SIR ROBERT KNOLLES
SIR ROBERT KNOLLES (c. 1325 – 15 August 1407)
Sir Robert was an important English knight of the Hundred Years' War, who, operating with the tacit support of the Crown, succeeded in taking the only two major French cities, other than Calais and Poitiers, to fall to Edward III. His methods, however, earned him infamy as a freebooter and a ravager: the ruined gables of burned buildings came to be known as "Knolly's mitres".
Born in Cheshire, Knolles first appears as the captain of several castles throughout Brittany in the mid-
Knolles' finest hours were to come that autumn when he led a Great Company of 2,000–3,000 Anglo-
In 1359 Knolles reached Auxerre, which fell after a two-
At the climax of the Breton War of Succession he participated in John de Montfort's siege of Auray in July 1364, the prelude to John's decisive victory at the Battle of Auray in September. He joined the Black Prince at the Battle of Nájera (Navarrete) of 1367.
In 1370 he was given a large grant of lands and money to raise an army to invade northern France. He landed at Calais in August with 6,000 mounted men and carried out a raid deep into French territory, burning villages on the outskirts of Paris but failing to bring the French King Charles V out to battle. He then turned towards Gascony and began capturing and fortifying castles and churches in the region between the rivers Loir and Loire. However he had to cope with much criticism from his younger subordinate commanders such as Sir John Minsterworth who were spoiling for a fight. When it became known that French armies under the command of Bertrand du Guesclin were closing in on them, Knolles proposed to retreat into Brittany but most of the army refused. He therefore marched away with his own retinue, leaving the bulk of the army where they were, to be comprehensively defeated and slaughtered at the Battle of Pontvallain on 4 December.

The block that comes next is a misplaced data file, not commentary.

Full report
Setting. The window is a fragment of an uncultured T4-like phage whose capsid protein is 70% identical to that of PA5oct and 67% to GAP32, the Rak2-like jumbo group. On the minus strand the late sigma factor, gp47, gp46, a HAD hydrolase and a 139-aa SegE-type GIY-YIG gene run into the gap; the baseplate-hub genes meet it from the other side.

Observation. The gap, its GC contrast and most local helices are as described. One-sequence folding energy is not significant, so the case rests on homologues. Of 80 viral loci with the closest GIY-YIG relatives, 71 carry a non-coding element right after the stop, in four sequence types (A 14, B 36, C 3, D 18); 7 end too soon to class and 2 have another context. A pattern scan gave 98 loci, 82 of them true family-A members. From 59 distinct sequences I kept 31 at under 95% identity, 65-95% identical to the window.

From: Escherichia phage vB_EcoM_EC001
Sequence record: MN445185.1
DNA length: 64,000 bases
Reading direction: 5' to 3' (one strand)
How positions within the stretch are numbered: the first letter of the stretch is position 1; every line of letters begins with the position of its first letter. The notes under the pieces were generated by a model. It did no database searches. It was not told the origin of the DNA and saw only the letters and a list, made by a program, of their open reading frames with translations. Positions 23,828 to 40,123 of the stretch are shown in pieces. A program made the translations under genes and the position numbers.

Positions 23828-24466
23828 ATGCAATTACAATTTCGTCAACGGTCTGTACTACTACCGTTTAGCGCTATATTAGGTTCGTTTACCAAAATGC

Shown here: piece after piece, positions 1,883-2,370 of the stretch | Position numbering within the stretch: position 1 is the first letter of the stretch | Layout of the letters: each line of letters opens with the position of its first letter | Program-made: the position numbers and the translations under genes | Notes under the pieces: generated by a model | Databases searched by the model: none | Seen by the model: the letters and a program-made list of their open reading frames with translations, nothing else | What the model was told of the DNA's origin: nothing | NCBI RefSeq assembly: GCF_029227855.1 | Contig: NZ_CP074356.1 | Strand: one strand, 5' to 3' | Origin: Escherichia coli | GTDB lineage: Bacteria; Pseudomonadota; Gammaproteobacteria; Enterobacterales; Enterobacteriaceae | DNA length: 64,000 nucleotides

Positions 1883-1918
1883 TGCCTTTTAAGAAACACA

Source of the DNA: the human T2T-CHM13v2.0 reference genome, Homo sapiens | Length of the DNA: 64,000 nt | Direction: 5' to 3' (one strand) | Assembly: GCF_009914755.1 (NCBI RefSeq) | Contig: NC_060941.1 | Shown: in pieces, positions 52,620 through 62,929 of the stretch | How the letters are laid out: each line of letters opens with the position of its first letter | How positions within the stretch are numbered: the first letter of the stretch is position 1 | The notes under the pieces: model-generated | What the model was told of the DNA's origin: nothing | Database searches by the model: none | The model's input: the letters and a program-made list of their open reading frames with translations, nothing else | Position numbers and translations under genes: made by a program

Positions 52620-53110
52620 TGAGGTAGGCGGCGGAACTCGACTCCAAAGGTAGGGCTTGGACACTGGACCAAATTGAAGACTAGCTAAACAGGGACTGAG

Knolles passed the winter in his castle at Derval on the Breton March and afterwards attempted to evacuate his men and those of Minsterworth, who had managed to join him with his surviving troop, from the port of Saint-
He died at his seat in Sculthorpe, Norfolk on 15 August 1407.
He also founded Trinity Hospital, Pontefract and helped to suppress the Peasants' Revolt.
Knolles' coat of arms decorates the postern tower of Bodiam Castle, Sussex. It was a statement of loyalty to Knolles by its builder, Edward Dalyngrigge who served under Knolles in a Free Company during the Hundred Years' War.